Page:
The navy blue details go a long way in making this kit worth one’s time. For starters, the round neck collar makes the shirt instantly stand out. Coupled with the same-colored shorts, this is already light years away from the insipid releases in recent memory.
Add to that the tasteful navy blue piping, which is a touch that needs to be integrated into kits nowadays once again because it’s an instant winner.
And of course, a glimpse at the color of the Kappa logo on the pristine white base emphasizes the sense of uniformity that makes this shirt a tidy drop.
Keeping the positives aside however, it has to be said that this Spurs kit does anything but stand the test of time. Ultimately, it is an admirable, yet largely forgettable release from an era in which Tottenham Hotspur fans themselves would not like to hark back to.
On the other hand, Arsenal’s kit from 2004 is a classic. An effortlessly sleek piece of clobber that did justice to the Invincibles.
There’s never been a Gunners home shirt that understands the assignment of repping the club’s red and white colors like this release. The thin round-neck collar, the Swoosh, the O2 sponsor logo, as well as the design at the bottom of the kit are all features that join forces to make this shirt pop.
While it’s safe to say that this shirt is extremely no-nonsense and rather simple, it is undeniably easy on the eye — much like Wenger’s greatest-ever ensemble.
And unlike the shirt donned by Tottenham Hotspur on derby day, the red half of North London’s home shirt will always be etched in history because it is forever associated with greatness.
From an aesthetic and historical point of view, there’s only one winner and that’s the mighty Arsenal.
1997: Paris Saint-Germain 1-2 Marseille
Earning promotion to Ligue 1 a season before in the aftermath of their involvement in the infamous French football bribery scandal, Marseille were far from the juggernaut they once were. However, Le Classique was seen as an opportunity for the French powerhouse to silence their critics.
Despite Paris Saint-Germain being expected to stroll to a victory at home, Marseille emerged as the victors in a fixture that remains controversial to this day.
The visitors enjoyed a dream start as Xavier Gravelaine put them into the lead. While the hosts equalized through Éric Rabésandratana’s strike, PSG supporters still hark back to Marseille’s Fabrizio Ravanelli simulating to win his side a spot kick, which was eventually converted by Laurent Blanc as the underdogs walked away with an infamous triumph.
If you only like PSG kits since their much-publicized collaboration with Jordan, it’s safe to say that you have not done your due diligence on the club’s habit of producing classic kits.
Especially considering the “Opel Era” of jerseys can go toe-to-toe with any of the recent gems that don a Jumpman logo.
This beauty features the club’s signature Hechter Design, which has been in place since 1970. Coupled with a sleek collar that also incorporated a thin blue lining and the players choosing to take the perfect decision of wearing long sleeves, the design team at Nike deserve a round of applause.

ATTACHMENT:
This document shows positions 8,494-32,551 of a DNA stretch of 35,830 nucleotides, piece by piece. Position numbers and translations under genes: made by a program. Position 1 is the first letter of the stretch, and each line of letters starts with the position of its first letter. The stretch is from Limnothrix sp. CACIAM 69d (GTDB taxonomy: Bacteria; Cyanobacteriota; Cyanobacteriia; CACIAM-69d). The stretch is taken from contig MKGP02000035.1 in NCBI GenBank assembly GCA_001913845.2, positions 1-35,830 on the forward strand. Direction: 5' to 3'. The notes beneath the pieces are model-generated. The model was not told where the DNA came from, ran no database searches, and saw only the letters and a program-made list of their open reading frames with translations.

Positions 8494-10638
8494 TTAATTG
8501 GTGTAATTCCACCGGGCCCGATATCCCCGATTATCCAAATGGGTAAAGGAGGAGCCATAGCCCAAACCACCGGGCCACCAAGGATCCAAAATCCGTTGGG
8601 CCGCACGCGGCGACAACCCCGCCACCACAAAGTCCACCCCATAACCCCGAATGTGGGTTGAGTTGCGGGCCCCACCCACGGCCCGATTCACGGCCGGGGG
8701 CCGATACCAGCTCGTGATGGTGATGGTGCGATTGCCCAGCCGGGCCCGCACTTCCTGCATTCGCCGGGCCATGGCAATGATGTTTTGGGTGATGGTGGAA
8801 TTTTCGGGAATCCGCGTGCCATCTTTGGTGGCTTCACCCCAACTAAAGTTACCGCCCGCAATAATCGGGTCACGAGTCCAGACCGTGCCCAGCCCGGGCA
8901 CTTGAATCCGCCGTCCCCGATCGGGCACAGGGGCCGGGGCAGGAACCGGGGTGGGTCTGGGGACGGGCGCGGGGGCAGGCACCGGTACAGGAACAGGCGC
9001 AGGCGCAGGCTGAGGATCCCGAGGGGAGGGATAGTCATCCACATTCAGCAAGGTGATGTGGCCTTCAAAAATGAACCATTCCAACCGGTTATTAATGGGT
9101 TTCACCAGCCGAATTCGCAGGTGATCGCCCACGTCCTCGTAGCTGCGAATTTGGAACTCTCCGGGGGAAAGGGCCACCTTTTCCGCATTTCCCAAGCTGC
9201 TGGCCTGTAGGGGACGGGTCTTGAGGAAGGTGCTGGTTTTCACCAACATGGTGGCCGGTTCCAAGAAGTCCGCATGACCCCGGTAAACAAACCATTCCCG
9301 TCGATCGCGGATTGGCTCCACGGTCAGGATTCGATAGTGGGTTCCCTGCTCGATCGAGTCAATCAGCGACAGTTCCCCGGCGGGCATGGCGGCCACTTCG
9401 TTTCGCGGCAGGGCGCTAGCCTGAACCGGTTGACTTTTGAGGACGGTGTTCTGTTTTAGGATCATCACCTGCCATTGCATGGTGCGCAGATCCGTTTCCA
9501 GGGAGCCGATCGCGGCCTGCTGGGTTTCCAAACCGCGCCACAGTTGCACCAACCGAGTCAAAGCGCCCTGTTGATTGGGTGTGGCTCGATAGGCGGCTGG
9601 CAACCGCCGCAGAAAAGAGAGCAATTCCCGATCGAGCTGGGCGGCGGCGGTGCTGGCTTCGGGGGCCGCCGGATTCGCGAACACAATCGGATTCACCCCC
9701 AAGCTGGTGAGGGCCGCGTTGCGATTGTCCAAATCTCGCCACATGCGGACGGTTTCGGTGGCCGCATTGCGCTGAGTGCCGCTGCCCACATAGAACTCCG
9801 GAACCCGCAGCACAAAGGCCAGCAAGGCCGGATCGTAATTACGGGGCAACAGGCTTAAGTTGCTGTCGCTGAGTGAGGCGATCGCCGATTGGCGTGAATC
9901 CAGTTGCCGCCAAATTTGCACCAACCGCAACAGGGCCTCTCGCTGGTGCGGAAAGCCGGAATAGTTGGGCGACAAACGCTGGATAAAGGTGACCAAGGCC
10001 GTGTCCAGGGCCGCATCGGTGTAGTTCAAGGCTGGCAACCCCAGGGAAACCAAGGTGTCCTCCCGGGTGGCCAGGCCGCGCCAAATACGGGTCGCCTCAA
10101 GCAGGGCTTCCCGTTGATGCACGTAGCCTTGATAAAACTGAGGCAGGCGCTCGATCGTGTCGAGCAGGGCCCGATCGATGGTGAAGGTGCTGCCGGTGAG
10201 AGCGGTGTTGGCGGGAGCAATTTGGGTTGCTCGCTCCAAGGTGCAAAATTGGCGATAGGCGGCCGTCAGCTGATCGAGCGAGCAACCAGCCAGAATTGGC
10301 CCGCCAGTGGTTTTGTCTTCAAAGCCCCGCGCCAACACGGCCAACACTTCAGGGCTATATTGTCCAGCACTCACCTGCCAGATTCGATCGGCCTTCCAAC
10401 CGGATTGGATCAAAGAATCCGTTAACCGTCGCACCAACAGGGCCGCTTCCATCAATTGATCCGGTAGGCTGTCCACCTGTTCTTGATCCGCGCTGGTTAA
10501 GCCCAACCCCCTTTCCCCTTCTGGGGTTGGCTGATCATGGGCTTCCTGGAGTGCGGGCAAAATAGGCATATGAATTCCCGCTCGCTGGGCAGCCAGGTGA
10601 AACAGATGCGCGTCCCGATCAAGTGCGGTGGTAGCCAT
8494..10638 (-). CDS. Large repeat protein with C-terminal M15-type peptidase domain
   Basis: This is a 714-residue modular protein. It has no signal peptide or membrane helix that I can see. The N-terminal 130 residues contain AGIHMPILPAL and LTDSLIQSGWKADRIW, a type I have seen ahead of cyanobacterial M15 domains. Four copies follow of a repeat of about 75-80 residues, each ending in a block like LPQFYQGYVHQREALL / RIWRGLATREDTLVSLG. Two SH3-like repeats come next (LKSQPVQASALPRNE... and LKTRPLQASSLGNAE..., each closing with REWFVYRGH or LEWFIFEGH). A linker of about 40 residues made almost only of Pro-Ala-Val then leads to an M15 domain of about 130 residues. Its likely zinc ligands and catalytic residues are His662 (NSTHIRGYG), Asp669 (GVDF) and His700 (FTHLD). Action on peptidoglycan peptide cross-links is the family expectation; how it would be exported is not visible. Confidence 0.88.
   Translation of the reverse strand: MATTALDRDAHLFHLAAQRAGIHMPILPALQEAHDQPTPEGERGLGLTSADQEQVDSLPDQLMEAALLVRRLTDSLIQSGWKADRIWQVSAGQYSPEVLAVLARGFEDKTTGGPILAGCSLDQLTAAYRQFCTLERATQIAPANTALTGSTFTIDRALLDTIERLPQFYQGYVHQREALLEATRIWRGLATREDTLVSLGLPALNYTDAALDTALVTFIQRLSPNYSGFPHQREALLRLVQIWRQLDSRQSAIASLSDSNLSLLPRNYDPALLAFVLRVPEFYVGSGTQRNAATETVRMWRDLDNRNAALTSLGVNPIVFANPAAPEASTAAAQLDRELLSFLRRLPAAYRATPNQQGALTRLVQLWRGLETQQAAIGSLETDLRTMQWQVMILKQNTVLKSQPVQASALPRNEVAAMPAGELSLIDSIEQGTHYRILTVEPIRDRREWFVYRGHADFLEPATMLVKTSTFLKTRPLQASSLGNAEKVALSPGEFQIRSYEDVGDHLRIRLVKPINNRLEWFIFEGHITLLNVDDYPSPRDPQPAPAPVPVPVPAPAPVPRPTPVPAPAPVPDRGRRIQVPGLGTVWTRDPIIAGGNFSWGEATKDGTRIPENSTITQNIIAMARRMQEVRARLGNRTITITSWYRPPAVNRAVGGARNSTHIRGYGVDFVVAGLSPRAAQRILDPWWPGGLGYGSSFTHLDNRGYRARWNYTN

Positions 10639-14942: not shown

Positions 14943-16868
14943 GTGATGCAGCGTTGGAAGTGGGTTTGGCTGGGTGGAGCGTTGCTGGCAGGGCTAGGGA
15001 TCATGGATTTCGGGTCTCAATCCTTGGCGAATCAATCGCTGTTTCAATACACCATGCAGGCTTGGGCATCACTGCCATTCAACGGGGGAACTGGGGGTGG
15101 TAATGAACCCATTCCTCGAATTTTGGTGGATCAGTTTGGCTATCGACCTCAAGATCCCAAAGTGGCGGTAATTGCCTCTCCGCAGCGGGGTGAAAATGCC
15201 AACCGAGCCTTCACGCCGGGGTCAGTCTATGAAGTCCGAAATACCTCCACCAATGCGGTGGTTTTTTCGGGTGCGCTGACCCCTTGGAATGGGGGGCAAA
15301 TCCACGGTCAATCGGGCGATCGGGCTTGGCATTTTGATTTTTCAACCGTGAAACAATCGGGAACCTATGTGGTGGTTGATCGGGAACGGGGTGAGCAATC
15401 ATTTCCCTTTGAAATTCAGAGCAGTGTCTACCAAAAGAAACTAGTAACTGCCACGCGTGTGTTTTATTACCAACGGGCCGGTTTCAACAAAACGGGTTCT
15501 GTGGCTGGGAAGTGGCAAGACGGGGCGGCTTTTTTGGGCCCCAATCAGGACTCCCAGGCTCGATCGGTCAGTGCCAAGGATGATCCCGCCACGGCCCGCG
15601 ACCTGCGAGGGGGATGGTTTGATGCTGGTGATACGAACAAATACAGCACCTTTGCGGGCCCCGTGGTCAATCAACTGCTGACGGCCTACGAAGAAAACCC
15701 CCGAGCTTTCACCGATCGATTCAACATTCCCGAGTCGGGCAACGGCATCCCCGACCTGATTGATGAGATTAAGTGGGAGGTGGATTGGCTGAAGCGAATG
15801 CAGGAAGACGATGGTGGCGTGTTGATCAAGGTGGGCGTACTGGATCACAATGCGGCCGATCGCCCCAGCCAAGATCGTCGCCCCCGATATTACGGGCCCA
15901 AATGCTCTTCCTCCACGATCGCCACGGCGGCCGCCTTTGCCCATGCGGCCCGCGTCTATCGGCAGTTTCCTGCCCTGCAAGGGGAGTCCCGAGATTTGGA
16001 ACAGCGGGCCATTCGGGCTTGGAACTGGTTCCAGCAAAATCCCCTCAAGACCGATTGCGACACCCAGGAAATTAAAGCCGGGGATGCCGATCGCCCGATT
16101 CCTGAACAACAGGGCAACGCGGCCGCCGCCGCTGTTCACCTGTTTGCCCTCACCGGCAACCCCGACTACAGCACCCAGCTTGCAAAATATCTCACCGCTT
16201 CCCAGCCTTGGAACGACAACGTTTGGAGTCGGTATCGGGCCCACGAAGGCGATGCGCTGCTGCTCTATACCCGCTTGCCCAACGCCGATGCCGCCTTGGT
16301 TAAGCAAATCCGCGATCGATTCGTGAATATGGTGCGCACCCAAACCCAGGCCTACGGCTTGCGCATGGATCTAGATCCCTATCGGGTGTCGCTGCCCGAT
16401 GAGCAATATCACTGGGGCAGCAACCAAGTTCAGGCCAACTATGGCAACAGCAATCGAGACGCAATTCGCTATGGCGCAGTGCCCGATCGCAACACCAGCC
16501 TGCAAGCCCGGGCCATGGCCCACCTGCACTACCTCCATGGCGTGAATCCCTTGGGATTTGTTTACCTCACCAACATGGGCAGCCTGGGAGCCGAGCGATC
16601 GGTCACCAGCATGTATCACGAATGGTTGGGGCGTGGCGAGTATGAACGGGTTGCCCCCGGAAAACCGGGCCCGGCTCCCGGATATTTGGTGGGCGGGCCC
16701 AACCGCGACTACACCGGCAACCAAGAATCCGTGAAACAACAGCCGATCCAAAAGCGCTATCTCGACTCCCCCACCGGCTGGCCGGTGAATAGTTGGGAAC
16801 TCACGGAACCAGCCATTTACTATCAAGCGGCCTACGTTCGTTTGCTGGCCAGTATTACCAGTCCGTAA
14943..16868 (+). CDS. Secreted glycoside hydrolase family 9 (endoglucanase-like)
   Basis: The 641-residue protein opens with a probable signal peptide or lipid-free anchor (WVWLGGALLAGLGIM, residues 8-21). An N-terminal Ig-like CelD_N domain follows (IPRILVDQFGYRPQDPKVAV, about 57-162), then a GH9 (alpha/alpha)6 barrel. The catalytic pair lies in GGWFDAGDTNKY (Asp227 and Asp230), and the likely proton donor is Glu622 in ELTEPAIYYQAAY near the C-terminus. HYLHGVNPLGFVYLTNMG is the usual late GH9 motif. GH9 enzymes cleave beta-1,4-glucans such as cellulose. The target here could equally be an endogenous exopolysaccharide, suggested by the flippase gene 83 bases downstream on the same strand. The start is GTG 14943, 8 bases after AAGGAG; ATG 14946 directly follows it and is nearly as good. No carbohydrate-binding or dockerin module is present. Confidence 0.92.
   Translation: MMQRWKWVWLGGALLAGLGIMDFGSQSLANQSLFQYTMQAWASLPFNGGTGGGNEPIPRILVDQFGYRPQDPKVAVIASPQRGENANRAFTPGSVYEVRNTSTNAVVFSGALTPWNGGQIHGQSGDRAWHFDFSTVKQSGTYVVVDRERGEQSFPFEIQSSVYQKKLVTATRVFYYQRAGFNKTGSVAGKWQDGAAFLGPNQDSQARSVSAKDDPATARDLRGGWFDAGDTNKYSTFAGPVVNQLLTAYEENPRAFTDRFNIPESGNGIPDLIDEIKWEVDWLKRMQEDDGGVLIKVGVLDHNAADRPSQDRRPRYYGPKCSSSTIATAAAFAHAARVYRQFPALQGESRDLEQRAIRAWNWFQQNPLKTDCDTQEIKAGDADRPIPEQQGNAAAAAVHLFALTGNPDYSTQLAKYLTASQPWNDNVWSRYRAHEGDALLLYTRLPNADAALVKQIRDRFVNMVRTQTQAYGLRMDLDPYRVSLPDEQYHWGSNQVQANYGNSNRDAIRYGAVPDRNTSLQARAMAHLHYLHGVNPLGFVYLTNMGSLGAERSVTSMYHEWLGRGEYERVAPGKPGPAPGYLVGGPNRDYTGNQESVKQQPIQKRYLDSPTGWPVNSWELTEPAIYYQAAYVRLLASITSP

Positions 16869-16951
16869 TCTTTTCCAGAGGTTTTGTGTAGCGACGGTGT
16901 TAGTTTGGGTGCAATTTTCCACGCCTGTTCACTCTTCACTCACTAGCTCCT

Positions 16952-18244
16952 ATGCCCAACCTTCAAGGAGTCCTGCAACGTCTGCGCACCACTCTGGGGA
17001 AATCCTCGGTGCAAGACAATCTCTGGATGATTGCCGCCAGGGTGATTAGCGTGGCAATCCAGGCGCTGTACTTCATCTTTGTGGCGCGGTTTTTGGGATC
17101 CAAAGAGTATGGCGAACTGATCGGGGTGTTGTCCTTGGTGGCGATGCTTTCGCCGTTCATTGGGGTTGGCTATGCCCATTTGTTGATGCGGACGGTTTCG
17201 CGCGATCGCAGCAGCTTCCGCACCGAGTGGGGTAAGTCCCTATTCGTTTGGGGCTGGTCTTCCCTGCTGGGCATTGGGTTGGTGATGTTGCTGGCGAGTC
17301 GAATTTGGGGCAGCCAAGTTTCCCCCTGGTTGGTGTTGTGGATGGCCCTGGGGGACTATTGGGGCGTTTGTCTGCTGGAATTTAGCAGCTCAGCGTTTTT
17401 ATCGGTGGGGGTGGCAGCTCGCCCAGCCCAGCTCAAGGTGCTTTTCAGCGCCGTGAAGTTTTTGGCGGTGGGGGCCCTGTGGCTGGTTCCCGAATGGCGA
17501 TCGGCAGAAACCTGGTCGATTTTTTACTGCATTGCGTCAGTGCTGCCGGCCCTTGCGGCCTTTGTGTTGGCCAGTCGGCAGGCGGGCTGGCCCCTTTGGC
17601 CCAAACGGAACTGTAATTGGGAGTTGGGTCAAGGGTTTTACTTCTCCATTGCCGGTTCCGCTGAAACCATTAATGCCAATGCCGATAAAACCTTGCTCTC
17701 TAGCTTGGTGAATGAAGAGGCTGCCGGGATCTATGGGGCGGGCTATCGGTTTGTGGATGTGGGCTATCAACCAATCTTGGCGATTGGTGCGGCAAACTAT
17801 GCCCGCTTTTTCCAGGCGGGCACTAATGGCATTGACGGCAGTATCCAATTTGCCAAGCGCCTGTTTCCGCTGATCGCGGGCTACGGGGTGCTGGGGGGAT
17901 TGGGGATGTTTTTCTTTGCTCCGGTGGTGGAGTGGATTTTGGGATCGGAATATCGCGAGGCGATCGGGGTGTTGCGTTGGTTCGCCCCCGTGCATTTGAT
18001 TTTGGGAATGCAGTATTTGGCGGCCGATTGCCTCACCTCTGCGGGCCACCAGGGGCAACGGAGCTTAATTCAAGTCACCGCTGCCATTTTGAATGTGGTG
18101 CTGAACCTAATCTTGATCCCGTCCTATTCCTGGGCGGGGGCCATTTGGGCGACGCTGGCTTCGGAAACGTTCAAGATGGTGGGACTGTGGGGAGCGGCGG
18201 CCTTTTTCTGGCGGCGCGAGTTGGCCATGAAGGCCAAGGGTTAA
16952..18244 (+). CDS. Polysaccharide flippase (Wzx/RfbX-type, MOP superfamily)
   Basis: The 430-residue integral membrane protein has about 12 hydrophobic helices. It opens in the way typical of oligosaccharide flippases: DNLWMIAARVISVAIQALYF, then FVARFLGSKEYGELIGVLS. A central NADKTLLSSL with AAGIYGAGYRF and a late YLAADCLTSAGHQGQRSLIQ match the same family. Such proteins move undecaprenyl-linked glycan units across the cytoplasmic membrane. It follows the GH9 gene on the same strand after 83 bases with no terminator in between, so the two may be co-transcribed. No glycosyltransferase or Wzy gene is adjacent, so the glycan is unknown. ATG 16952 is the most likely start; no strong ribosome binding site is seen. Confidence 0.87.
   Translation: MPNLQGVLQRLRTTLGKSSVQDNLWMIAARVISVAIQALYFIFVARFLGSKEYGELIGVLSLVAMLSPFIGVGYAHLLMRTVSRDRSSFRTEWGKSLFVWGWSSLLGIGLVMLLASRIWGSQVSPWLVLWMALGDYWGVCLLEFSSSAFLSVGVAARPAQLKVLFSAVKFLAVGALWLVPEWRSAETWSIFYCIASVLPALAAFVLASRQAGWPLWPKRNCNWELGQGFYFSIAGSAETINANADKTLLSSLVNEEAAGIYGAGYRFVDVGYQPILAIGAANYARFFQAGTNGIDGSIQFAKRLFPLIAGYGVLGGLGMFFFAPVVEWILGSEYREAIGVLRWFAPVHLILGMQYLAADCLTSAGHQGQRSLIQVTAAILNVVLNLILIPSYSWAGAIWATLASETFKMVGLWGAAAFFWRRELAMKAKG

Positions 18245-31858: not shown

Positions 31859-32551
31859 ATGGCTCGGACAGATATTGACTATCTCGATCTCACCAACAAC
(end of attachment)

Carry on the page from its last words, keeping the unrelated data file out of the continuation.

The textual PSG logo finishes off a classic that was worthy of sporting in Le Classique.
While Marseille left the Parc des Princes as winners, it isn’t outlandish to claim that they were not dressed for the part on the day.
Some may be fans of this strip because it possesses all the eccentricities of retro kits, but to keep a spade a spade, adidas conjured up a horror show of a shirt.
For starters, that collar belongs strictly as a part of winter wear, and on a football kit in particular, it looks downright bizarre.
With an otherwise rather plain shirt, a hot mess of a collar is an even stranger addition that gives one the impression that the design team was not in sync.
Overall, there just isn’t a standout element of this shirt, and the feature which does ignite conversation does not do so for the right reasons.
It’s Paris Saint-Germain and it’s not even close.
2000: Celtic 6-2 Rangers
While the Old Firm has a habit of serving clashes that go down to the wire, Celtic were in no mood to create any sense of suspense on the day. Despite Dick Advokaat spending a pretty penny on his Rangers side in the summer, the hosts paid no mind to the hype and instead, went on to take a three-goal lead within 10 minutes of the clash.
While the likes of Claudio Reyna and Billy Rodds scored consolation goals at different points, a brace apiece from Henrik Larsson and Chris Sutton, with Paul Lambert and Stiliyan Petrov adding goals of their own, meant Martin O’Neill’s side reigned supreme.
To this day, the unforgettable clash between the two fierce rivals seems surreal.
If there’s one thing that you should keep in mind about Celtic’s home kits, it’s that they tend to stick to a pattern. And yet, nothing about this shirt from one of the most iconic days in the club’s history is boring.
While a number of Celtic home strips have been guilty of going overboard with the hoop design, the brains at Umbro understood the power of keeping things simple.
That collar is fetching to say the least, with the white lines over the green base adding a contrast that works to a tee. The baggy fit is always a lovely sight, and a feature of retro kits that is in need of a comeback.
While Umbro have not reinvented the wheel here, it is worth acknowledging that Celtic rocked a crisp, home shirt while annihilating their rivals.
As far as Rangers’ kits are concerned, let’s get the positives out of the way first. The usage of white in this kit does a lot to elevate it.
For instance, the decision to utilize the color to showcase the V-neck is one that instantly draws any viewer’s eye. Combined with the piping across the sleeves on both sides, which is always a welcome addition, the Rangers home shirt has things going for it.
However, all in all, it isn’t criminal to suggest that this shirt borders on the blander side of things, unlike in the case of their rivals’ home kit.
While both kits have focused on the subtle details and played it safe, Celtic outdid Rangers once again, with their likeable home strip.